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How to survive the deep frizz

brunch Updated: Jul 07, 2012 17:02 IST
Kavita Devgan
Kavita Devgan
Hindustan Times
Highlight Story

The first monsoon showers are generally welcomed by most people as a respite from the boiling summer. But there’s one annual feature of the season that isn’t as anticipated – the frizzy hair that bedevils many women – and men – at this time. So what can you do to prevent this? The remedy begins right in the shower.

frizz When you shower

“Make sure you use an appropriate shampoo and conditioner, otherwise your hair will get frizzy,” says celebrity hairstylist Rod Anker, who runs the rodanker salon at Claridges Surajkund in Faridabad. “Color Protection shampoo by the Italian luxury brand Alfaparf is sodium laureth sulphate (SLS)-free and will not dehydrate your scalp or disturb the cuticle much,” he adds.

“We also recommend SLS-free shampoos as SLS makes your hair dry and dull,” adds Rodolphe Hequet, creative director of the Aman Salon at Aman New Delhi. “And I suggest applying Moroccan oil after shampooing and drying hair. The oil is nourishing and residue-free and is a great conditioning, styling and finishing tool.”

When going out

“I recommend a leave-in conditioner for all-day use; this can be applied every alternate day. A bamboo mask or crystal liquid serum from Alfaparf also delivers great results,” says Hequet.

“Simple steps like protecting your head from the sun (cover it with a scarf or cap) and tying back long hair to avoid dirt and humidity work wonders,” adds Archana Gupta of Club Olympus, Hyatt Regency, Delhi.


Kapil Dhameja, co-owner of Blue Terra Spa, Delhi, suggests an ayurvedic head massage with


oil, once a week (it’s a must during the monsoon).

“A good massage for 30 minutes with acupressure improves blood circulation and relieves stress and tension (one of the causes of hairfall); lubricates and conditions the scalp, helps prevent flakes and dryness (common monsoon woes); is rejuvenating for dry, damaged hair; and helps prevent brittleness and split ends,” he adds.

Gupta suggests deep conditioning hair once a week. “The bamboo marrow moisture pack by Alfaparf is my secret monsoon treatment – while it adds moisture and assists in repairing hair structure, it does not weigh down your look,” says Anker.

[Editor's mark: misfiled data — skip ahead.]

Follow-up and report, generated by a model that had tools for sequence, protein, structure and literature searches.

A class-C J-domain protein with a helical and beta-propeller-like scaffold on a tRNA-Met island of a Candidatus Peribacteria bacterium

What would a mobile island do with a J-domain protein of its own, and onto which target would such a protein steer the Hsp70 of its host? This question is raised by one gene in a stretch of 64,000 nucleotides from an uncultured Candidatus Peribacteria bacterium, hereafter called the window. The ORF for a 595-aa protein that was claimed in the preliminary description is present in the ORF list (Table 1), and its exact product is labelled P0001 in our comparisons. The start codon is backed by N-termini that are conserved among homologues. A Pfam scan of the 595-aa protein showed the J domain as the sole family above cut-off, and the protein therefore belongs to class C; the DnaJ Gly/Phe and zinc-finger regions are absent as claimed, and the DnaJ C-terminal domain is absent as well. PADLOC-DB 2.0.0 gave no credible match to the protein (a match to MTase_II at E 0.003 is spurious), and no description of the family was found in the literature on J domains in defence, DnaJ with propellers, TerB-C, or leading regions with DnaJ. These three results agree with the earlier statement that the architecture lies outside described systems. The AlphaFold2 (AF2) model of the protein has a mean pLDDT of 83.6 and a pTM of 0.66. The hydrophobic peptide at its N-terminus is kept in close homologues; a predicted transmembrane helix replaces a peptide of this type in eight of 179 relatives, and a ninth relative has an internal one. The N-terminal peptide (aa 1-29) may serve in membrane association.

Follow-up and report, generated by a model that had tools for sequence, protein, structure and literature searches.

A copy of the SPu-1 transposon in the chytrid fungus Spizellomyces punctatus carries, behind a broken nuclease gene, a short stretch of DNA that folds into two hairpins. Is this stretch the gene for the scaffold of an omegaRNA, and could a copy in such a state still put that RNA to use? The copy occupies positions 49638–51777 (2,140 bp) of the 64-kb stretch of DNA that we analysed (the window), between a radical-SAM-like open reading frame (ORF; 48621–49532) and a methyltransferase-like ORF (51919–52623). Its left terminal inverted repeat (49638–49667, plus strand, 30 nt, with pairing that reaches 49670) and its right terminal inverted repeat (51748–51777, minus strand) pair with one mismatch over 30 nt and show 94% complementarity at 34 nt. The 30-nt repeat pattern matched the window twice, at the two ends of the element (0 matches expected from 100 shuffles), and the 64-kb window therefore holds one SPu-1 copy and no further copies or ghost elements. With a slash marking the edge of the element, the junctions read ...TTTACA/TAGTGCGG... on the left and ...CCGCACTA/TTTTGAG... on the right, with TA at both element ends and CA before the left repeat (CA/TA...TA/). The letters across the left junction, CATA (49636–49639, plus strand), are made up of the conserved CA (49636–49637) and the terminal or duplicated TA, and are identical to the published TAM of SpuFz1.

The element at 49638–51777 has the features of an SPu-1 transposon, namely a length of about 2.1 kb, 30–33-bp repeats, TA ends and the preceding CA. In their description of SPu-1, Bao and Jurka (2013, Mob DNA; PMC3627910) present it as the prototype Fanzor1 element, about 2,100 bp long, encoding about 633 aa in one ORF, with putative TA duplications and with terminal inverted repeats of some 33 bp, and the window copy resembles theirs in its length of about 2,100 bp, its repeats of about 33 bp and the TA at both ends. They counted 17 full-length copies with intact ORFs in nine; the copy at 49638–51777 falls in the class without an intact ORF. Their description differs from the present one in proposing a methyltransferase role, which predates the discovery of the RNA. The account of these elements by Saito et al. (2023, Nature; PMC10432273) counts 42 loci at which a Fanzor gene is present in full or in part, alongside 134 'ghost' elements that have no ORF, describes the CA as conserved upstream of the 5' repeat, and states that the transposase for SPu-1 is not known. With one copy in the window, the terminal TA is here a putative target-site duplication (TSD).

Home remedies

“Massage hair with natural oils like jojoba, almond, olive, jasmine and rosemary; try a homemade mask of mashed bananas and avocado to rectify damaged hair and apply a mask of honey and eggs to prevent moisture loss,” suggests Gupta.


She adds, “Use hair serum, protect hair ends with a conditioner containing vitamins and minerals, use packs specific to your hair problem and type, wear a cap while swimming and use a mild shampoo; chlorinated water may dry out your hair.”

Anker’s other tips include not overdrying when blow drying (don’t leave it wet, but don’t burn it); using a water-soluble serum before blow drying and a small amount after; using a wide-toothed comb with a leave-in conditioner – to detangle and lubricate the strands – and avoiding products that contain alcohol. “Also, buy a satin pillowcase (it will reduce static and keep your hair smooth),” he adds. That’s using your head.

One for the boys

“Men have shorter hair, so haircare advice for them is slightly different. During the monsoon, there is a lot of moisture in the air and hence the scalp gets moist and becomes a garden for bacteria and dust. Tea Tree shampoo by Paul Mitchell is a great anti-bacterial and anti-fungal product that will leave your scalp and hair feeling fresh and clean,” suggests Rod Anker.

Hequet adds, “As men generally perspire more and have short hair, their scalp gets more greasy (leading to more itchiness) as compared to those with long hair. So, daily shampooing is required.”

“They must use a light hair gel and a leave-in conditioner,” adds Archana Gupta.

From HT Brunch, July 8

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